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Professor Mayosi appointed as the New Dean of Health Sciences
Professor Mayosi will begin as the New Dean of Health Sciences in September 2016. Professor Gary Maartens will be the Acting Head of the Department of Medicine in the intrim.
Welcome
The Department of Medicine of the University of Cape Town is a large academic and clinical department which plays a leading role in medical education and research, while providing clinical services to the communities of the Western Cape.
How does HTLV-1 cause malignant and inflammatory diseases.
Visiting lecturer Charles Bangham on the Department of Medicine's Research Day. Department of Immunology
Neglect exacerbating rheumatic heart disease
Primary healthcare systems in many low- and middle-income countries are not prioritising simple, effective measures to treat rheumatic heart disease, a preventable disease, says a new study lead by UCT's Prof Bongani Mayosi.
Preparing for the Next 100 Years A Week in the Life of the UCT/GSH Department of Medicine
“2014 marks 20 years of freedom in South Africa. It is an opportunity to reflect on what has been achieved over this period and cast our eyes to the future.”

News

Wednesday, 24 August 2016

In October 2015, the Deputy Vice Chancellor Francis Peterson , Prof Lionel Opie and multiple researchers from different Institutions in the Western Cape gathered together to celebrate the opening of the new Lionel Opie Preclinical Imaging Core Facility at the Faculty of Health Sciences, University of Cape Town,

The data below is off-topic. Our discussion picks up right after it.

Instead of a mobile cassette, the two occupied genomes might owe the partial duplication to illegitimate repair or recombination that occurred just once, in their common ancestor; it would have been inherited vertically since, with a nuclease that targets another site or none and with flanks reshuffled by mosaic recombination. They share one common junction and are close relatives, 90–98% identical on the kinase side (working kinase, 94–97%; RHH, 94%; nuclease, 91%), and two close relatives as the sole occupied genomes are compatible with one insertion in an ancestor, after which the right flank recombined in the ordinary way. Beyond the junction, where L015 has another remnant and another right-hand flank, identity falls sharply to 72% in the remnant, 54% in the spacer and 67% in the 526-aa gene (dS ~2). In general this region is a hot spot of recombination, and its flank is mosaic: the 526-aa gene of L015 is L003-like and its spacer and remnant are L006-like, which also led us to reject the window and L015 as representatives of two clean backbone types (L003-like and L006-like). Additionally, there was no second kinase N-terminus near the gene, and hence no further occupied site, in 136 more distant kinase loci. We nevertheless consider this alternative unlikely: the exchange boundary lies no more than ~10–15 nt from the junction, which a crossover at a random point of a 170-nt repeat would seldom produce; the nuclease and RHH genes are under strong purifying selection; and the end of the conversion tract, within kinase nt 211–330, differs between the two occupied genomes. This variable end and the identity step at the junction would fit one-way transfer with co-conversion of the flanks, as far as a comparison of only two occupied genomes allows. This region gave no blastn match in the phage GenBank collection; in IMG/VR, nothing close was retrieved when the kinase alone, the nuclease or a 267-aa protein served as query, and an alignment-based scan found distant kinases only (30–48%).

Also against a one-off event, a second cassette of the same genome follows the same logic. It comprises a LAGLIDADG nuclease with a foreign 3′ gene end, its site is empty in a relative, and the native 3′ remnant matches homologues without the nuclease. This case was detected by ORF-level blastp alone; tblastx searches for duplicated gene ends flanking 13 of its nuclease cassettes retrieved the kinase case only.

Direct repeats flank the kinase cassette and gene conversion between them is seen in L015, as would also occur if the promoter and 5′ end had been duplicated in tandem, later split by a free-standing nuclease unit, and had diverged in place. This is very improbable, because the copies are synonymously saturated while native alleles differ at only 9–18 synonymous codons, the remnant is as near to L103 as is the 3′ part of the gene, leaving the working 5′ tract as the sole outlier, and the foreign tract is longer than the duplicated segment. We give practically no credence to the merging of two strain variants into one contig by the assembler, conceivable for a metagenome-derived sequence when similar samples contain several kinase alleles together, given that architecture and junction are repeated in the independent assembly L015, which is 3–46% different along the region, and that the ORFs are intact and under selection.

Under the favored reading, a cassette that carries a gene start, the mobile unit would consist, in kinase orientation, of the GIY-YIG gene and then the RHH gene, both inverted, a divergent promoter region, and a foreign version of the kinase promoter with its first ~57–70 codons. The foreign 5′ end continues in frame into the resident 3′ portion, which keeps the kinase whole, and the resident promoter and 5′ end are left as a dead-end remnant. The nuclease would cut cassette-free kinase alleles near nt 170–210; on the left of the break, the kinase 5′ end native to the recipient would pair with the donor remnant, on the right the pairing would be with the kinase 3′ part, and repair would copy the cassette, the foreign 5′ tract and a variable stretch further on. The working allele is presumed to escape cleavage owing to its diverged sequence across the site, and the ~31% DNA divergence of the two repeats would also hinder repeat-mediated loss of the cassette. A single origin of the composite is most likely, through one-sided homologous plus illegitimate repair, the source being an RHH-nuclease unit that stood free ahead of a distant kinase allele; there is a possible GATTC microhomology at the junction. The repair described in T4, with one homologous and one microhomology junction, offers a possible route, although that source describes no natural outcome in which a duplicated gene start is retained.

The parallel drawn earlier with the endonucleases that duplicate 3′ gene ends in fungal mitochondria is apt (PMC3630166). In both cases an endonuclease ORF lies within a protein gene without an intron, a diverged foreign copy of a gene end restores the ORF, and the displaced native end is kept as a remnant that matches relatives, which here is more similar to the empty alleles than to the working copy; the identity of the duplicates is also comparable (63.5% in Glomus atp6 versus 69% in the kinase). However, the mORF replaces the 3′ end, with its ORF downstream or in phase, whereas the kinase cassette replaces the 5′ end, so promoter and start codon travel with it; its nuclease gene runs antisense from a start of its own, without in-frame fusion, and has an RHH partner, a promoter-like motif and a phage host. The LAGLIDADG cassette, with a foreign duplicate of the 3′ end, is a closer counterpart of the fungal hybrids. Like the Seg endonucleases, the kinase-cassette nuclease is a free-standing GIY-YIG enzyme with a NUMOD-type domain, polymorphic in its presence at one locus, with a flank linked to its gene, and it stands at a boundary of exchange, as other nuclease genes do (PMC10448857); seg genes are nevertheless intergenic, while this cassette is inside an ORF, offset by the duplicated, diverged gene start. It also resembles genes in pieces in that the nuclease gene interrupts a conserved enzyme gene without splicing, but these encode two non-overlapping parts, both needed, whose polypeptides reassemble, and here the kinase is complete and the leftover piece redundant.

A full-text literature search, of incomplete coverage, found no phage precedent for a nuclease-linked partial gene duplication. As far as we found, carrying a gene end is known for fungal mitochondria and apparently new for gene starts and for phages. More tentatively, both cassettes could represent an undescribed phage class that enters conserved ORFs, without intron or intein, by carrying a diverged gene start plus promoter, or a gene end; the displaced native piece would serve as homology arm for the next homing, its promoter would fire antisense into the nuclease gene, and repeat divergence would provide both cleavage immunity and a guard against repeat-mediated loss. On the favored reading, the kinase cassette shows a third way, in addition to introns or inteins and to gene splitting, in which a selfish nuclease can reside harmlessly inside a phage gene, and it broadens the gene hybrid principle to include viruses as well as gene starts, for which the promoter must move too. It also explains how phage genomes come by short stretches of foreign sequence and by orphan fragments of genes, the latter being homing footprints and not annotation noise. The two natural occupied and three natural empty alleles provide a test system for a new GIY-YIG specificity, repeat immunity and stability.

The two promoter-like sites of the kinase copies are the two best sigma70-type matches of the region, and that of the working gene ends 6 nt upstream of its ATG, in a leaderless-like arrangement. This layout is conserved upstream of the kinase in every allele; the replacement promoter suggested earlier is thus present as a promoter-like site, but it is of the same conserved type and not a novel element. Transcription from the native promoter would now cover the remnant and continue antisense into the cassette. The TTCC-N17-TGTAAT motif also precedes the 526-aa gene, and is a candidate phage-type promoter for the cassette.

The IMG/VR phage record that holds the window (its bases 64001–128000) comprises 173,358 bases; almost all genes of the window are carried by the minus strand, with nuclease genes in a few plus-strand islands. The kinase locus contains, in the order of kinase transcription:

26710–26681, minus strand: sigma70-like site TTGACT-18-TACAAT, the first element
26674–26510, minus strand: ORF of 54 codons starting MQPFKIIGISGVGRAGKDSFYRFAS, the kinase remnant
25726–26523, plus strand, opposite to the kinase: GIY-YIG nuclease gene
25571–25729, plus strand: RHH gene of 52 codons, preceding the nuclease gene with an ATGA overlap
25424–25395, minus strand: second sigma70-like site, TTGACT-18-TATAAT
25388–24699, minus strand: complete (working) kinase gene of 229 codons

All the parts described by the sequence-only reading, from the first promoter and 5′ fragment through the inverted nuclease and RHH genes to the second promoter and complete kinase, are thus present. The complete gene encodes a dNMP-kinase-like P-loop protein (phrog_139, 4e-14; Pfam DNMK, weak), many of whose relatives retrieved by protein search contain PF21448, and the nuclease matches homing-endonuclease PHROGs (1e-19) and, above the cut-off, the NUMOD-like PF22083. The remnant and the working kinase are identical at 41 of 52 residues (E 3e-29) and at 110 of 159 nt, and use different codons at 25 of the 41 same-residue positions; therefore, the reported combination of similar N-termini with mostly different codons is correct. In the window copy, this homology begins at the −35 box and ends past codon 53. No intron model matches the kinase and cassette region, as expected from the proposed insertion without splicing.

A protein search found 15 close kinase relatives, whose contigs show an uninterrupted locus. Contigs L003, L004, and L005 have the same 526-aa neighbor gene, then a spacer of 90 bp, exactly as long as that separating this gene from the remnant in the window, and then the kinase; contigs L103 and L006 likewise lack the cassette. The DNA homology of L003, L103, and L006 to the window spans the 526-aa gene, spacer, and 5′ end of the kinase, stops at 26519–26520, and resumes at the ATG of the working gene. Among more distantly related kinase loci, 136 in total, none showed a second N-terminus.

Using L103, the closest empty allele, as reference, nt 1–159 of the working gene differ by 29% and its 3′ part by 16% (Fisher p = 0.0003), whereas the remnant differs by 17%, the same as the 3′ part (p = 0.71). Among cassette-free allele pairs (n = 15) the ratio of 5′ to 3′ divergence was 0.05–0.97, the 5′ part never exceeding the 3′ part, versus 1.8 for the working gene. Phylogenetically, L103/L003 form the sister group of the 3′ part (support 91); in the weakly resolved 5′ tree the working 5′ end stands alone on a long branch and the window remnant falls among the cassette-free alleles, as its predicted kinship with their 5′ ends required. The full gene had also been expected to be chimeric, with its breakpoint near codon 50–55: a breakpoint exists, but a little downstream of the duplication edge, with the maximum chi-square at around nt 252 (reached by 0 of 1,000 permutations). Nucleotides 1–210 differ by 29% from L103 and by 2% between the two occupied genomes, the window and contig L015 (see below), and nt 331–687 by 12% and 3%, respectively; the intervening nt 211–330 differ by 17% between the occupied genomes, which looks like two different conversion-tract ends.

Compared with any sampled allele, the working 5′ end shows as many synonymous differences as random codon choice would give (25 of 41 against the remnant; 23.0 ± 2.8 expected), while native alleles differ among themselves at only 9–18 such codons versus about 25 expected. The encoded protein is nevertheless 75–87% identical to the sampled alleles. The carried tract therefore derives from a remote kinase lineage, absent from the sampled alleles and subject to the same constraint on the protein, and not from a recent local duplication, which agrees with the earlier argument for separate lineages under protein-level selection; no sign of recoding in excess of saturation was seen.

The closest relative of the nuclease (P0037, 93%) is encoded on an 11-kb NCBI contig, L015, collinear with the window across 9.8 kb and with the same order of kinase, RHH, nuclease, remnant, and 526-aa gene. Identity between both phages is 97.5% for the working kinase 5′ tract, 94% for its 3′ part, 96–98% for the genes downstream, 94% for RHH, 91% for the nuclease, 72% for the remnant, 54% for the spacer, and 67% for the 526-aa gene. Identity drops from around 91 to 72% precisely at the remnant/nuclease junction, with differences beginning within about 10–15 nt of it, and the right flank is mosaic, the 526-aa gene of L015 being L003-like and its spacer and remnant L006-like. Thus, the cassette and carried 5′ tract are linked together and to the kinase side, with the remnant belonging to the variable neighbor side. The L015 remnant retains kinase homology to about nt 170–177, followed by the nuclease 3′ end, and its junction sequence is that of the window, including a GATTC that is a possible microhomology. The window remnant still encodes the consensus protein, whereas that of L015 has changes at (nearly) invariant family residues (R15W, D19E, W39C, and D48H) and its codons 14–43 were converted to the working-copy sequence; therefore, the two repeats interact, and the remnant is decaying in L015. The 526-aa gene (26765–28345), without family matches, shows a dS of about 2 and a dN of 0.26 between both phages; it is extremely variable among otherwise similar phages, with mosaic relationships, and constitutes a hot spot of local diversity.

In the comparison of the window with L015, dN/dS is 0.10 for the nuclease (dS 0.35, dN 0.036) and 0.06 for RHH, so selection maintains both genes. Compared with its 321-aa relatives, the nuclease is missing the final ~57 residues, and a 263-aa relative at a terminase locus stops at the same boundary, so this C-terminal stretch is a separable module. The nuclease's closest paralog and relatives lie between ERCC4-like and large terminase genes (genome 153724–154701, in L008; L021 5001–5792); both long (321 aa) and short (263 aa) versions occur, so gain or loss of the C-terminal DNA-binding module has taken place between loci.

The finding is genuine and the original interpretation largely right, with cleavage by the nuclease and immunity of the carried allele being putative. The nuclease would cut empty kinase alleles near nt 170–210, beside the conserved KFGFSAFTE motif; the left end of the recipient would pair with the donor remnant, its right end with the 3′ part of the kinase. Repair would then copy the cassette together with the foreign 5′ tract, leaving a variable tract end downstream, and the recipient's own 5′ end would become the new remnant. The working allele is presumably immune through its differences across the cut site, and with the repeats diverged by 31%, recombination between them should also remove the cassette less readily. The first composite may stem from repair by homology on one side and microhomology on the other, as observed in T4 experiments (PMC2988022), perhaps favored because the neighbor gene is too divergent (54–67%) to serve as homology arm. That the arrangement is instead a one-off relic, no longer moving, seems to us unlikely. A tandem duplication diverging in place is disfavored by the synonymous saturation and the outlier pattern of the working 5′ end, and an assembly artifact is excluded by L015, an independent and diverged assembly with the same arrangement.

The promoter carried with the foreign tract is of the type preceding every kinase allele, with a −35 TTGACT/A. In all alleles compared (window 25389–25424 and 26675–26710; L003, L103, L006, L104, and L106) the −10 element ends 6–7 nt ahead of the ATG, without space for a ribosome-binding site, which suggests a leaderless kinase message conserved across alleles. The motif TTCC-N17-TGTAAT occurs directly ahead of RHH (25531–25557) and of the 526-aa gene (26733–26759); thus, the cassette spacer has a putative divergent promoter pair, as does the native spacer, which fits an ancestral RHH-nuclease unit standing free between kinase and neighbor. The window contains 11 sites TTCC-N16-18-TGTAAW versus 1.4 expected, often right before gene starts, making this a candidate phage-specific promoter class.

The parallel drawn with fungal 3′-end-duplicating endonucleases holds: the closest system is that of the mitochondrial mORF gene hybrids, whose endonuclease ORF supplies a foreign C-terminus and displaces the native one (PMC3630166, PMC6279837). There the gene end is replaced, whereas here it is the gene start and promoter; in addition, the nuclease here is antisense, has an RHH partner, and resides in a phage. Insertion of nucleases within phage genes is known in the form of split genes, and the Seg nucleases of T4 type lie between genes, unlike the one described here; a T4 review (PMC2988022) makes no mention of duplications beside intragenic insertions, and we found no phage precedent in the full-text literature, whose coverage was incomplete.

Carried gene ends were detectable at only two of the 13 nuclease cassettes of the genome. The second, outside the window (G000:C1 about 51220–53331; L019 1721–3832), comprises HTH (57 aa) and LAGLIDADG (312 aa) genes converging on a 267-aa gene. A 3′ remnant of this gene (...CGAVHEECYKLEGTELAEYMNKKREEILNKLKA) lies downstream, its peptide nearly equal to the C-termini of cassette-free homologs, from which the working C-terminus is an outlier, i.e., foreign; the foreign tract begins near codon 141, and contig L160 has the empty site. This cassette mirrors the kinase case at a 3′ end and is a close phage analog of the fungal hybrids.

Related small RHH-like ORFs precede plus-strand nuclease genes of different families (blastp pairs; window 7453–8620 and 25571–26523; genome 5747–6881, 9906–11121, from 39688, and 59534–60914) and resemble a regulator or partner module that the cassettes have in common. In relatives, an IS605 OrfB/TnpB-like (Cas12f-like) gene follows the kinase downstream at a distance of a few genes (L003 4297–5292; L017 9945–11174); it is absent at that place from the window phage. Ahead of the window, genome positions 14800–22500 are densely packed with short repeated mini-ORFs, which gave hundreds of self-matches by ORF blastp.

Publication Date:
Tuesday, December 1, 2015 - 11:45

At a ceremony on Tuesday 13 October, UCT announced the names of six new fellows – permanent academic staff who are being recognised by UCT Council for distinguished academic work.

Publication Date:
Sunday, October 18, 2015 - 22:15

Five UCT scholars were celebrated at the Academy of Science of South Africa’s annual award ceremony on 14 October in Stellenbosch.

Publication Date:
Sunday, October 18, 2015 - 22:00

Africa  is likely to see a rise in dementia over the next decades. This is for two reasons: its ageing population, an increase in non-communicable diseases and the effects of the HIV pandemic.- Article by Celeste De Jager 

Publication Date:
Monday, September 28, 2015 - 23:15

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